It isn't based on good faith at all.

The polarization of our political lives into Republicans screaming abuse at everyone else and everyone else getting increasingly angry back is the result of cynical tactical decisions made by leaders ot the Republican party: Rove, Atwood etc The decision was to use lies and hyperbole on cultural issues to create polarization.

Deliberate cynical creation of polarization around cultural issues by lying and exaggerating in the discussion of those issues. And all of that is summed up by the claim that Democrats are destroying America.

The only difference between Trump and other Republican politicians is his blatancy. The others used dog whistles.

And now one of the repeated themes from the rightwing propaganda machine is that conservatives have to defend themselves with violence from leftwing violence.

Trump eluded to that recently. One of my rightwing facebook friends posted a thing from Tucker Carlson about that with my friends added comment about how conservatives had to fight attacks from the left--and he meant it literally. The drum beat of warnings of how leftwingers won't allow Republicans to win elections. Turning Point members provoking people with taunts to get fights started, videotaping the fights, and posting the fights as examples of how conservatives a re under physical assault by leftists on college campuses.

Those people are not motivated by fear of an increase in the minimum wage or existential angst over the ACA.

They are motivate by their sense that their America is indeed being destroyed by another vision of America. So what is their vision, the one they consider the real America? According to Candace Owen, Hitler provided a model for how "nationalism" could be promoted within a nation.

The claim that American is being destroyed is not based on different thoughts about policy. Its a belief of people who have been listening to rightwing propaganda and have formed a vision n of themselves as the only real Americans and who from that stand point seek to reject marginalize demean and abuse the rest of the population. Mostly they want to do this by cheerleading for righwing politicians but some what to do more and kill people.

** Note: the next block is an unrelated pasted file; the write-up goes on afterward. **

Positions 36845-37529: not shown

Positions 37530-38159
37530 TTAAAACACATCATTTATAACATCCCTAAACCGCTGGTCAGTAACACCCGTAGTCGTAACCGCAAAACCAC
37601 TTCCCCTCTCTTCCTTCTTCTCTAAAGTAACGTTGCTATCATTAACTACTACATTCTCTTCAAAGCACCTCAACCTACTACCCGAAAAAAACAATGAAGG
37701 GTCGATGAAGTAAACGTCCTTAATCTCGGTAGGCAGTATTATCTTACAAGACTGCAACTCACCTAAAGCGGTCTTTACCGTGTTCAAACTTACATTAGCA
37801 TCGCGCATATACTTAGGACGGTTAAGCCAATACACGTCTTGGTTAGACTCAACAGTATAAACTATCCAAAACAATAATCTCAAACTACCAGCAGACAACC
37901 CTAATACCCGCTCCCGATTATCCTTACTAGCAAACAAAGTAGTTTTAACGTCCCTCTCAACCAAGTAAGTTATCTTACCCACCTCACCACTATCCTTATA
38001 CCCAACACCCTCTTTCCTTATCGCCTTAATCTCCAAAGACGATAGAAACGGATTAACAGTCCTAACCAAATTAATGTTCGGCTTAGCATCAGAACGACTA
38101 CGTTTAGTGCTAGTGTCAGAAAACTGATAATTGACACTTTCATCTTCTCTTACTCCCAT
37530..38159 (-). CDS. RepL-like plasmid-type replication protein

Ben Franklin, who counted my German forbears as among the swarthy as well

Wave after wave, with each wave eventually getting to be counted among the white and worthy. Eventually.

A worthwhile thought, for St Patricks Day. Hell, even Italians and Jews are white now.

Sometimes I think the history of America is an extended exercise in having the idea of "white" finally fade away, to be replaced by the idea of "human".

If not America, then someone else, and we'll be swept into the dustbin of history, having played our part. It's not like we have a monopoly on virtue.

Soon come, one way or another.

The original political compromise was one waste repository in SC one in NV.

Yeah, the DOE's original plan was one large repository in the East, near all those reactors, and a much smaller one in the West. Upstate New York and western Maine have some nearly ideal sites with straightforward access to geologically stable basement rock far below any water tables. None of the proposed sites were eliminated for engineering reasons, they were eliminated as political favors before the serious studies got started. The act that limited the choice to Yucca Mountain was generally referred to in Congress as the "Screw Nevada Bill", and was done in a way that precluded any committee or floor debate.

The Utah tribe -- and a couple of other rural places -- are offering temporary above-ground storage of spent fuel casks. The tribe is actually pursuing the necessary licenses. None of the companies that actually own the spent fuel seem interested, largely because of the liability risk of moving the casks themselves. DOE has never been actually authorized to do anything about interim storage.

I still have family in Nebraska. The state seems to be going from a strong supporter of Yucca Mountain to an opponent. They were a supporter when they saw it only as a way to get rid of the casks at their two reactors. They started changing their mind when they found that DOE's plans for waste from farther east involved unloading >300 barges filled with casks in Omaha per year, putting them on UP trains, and running them the length of the state. Every year for 25 or more years.

The only difference between Trump and other Republican politicians is his blatancy. The others used dog whistles.

It occurs to me to wonder. Having become accustomed to blatancy, will dog whistles still be effective going forward? Or will everyone appealing to bigotry be forced to be out front with it? (With predictable negative effects among those parts of the electorate which is growing, rather than shrinking....)

The question I was answering was what policies I believed would destroy America. I wasnt trying to get anyone to agree.

Thank you, Marty. I appreciate the response.